The example below demonstrates the difference between having a variable in alone or with other content. Finally, when this test data is executed, different keywords receive the arguments as explained below:. Converting variables to Unicode obviously fails if the variable cannot be represented as Unicode.
A workaround is creating a variable that contains the whole value and using it alone in the cell e. In this case individual list items are passed in as arguments separately. This is easiest to explain with an example. Robot Framework stores its own variables in one internal storage and allows using them as scalars, lists or dictionaries. Using a variable as a list requires its value to be a Python list or list-like object.
Robot Framework does not allow strings to be used as lists, but other iterable objects such as tuples or dictionaries are accepted. Prior to Robot Framework 2.
This caused lot of confusion when there accidentally was a scalar variable and a list variable with same name but different value. List variables can be used only with some of the settings. They can be used in arguments to imported libraries and variable files, but library and variable file names themselves cannot be list variables. Also with setups and teardowns list variable can not be used as the name of the keyword, but can be used in arguments.
With tag related settings they can be used freely. Using scalar variables is possible in those places where list variables are not supported. As discussed above, a variable containing a list can be used as a list variable to pass list items to a keyword as individual arguments.
In practice this means that individual items of the dictionary are passed as named arguments to the keyword. It is possible to use dictionary variables with other arguments, including other dictionary variables. Because named argument syntax requires positional arguments to be before named argument, dictionaries can only be followed by named arguments or other dictionaries. Dictionary variables cannot generally be used with settings. The only exception are imports, setups and teardowns where dictionaries can be used as arguments.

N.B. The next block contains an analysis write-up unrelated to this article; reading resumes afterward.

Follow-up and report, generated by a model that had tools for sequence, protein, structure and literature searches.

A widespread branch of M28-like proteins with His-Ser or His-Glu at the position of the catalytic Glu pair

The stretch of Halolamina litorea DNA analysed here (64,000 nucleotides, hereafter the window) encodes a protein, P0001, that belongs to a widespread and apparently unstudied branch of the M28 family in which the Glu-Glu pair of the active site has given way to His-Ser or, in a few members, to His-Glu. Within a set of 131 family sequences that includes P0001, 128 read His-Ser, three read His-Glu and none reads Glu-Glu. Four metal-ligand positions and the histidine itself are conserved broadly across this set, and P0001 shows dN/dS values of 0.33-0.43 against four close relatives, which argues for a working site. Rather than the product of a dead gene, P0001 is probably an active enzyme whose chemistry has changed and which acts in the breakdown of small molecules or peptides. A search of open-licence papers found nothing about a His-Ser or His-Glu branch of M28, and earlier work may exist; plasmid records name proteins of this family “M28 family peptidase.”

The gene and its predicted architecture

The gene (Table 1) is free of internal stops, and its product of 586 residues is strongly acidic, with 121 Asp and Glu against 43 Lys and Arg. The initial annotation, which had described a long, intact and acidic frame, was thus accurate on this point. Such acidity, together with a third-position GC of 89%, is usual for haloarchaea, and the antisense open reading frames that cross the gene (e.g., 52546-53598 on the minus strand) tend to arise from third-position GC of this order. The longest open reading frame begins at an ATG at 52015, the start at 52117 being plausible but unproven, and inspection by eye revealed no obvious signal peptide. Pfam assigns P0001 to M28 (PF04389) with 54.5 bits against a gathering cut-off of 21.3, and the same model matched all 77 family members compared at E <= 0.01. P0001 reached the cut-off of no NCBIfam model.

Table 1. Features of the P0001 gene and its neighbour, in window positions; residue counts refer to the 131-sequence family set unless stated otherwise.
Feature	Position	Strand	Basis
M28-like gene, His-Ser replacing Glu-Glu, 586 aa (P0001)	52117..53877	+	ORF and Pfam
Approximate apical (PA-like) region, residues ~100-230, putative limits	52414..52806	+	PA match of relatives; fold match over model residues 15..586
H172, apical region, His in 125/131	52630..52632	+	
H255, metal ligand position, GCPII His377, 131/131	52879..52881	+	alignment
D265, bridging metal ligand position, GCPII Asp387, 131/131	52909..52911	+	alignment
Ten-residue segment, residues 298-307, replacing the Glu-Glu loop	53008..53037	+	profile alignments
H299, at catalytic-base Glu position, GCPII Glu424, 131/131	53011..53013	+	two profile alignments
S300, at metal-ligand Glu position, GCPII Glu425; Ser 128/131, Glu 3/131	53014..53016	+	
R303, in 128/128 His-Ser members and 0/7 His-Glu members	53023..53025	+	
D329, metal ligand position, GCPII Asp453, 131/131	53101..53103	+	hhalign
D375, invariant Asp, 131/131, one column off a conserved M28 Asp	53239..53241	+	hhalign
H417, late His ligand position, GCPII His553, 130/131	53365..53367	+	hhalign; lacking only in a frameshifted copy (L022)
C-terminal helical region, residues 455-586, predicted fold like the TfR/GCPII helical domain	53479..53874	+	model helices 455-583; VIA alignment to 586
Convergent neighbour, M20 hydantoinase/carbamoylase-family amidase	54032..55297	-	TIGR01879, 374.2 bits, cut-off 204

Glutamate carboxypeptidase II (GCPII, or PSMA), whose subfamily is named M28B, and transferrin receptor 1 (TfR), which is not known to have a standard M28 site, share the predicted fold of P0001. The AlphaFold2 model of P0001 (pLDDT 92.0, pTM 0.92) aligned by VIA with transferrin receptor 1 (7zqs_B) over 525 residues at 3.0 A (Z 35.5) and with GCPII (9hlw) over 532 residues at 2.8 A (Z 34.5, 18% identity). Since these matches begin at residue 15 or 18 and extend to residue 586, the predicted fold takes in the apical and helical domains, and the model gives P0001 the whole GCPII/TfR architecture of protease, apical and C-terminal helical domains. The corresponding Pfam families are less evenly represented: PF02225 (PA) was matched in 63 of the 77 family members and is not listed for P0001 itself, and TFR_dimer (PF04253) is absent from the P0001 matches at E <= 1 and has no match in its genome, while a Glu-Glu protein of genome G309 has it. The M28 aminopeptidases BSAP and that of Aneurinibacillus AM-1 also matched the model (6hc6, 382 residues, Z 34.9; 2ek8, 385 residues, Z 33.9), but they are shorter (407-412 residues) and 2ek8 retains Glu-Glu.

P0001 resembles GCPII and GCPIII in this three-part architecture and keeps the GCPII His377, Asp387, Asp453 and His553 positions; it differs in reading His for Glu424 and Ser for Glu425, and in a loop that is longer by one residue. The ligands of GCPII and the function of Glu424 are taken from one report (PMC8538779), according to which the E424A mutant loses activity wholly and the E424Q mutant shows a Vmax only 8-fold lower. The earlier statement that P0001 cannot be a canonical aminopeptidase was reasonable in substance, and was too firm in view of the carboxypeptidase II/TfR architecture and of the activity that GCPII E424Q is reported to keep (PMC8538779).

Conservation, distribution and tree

Accessing items is an old feature, but prior to Robot Framework 3. The old syntax still works in Robot Framework 3. Indices start from zero, negative indices can be used to access items from the end, and trying to access an item with too large an index causes an error. Indices are automatically converted to integers, and it is also possible to use variables as indices. List items accessed in this manner can be used similarly as scalar variables.
With this syntax you do not get a single item but a slice of the original list. Same way as with Python you can specify the start index, the end index, and the step:. The slice syntax is new in Robot Framework 3.
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Keys are considered to be strings, but non-strings keys can be used as variables. Dictionary values accessed in this manner can be used similarly as scalar variables. See Creating dictionary variables for more details about this syntax. They are limited to string values. Environment variables set in the operating system before the test execution are available during it, and it is possible to create new ones with the keyword Set Environment Variable or delete existing ones with the keyword Delete Environment Variable , both available in the OperatingSystem library.
Because environment variables are global, environment variables set in one test case can be used in other test cases executed after it. However, changes to environment variables are not effective after the test execution. When running tests with Jython, it is possible to access Java system properties using same syntax as environment variables. If an environment variable and a system property with same name exist, the environment variable will be used. The most common source for variables are Variable tables in test case files and resource files.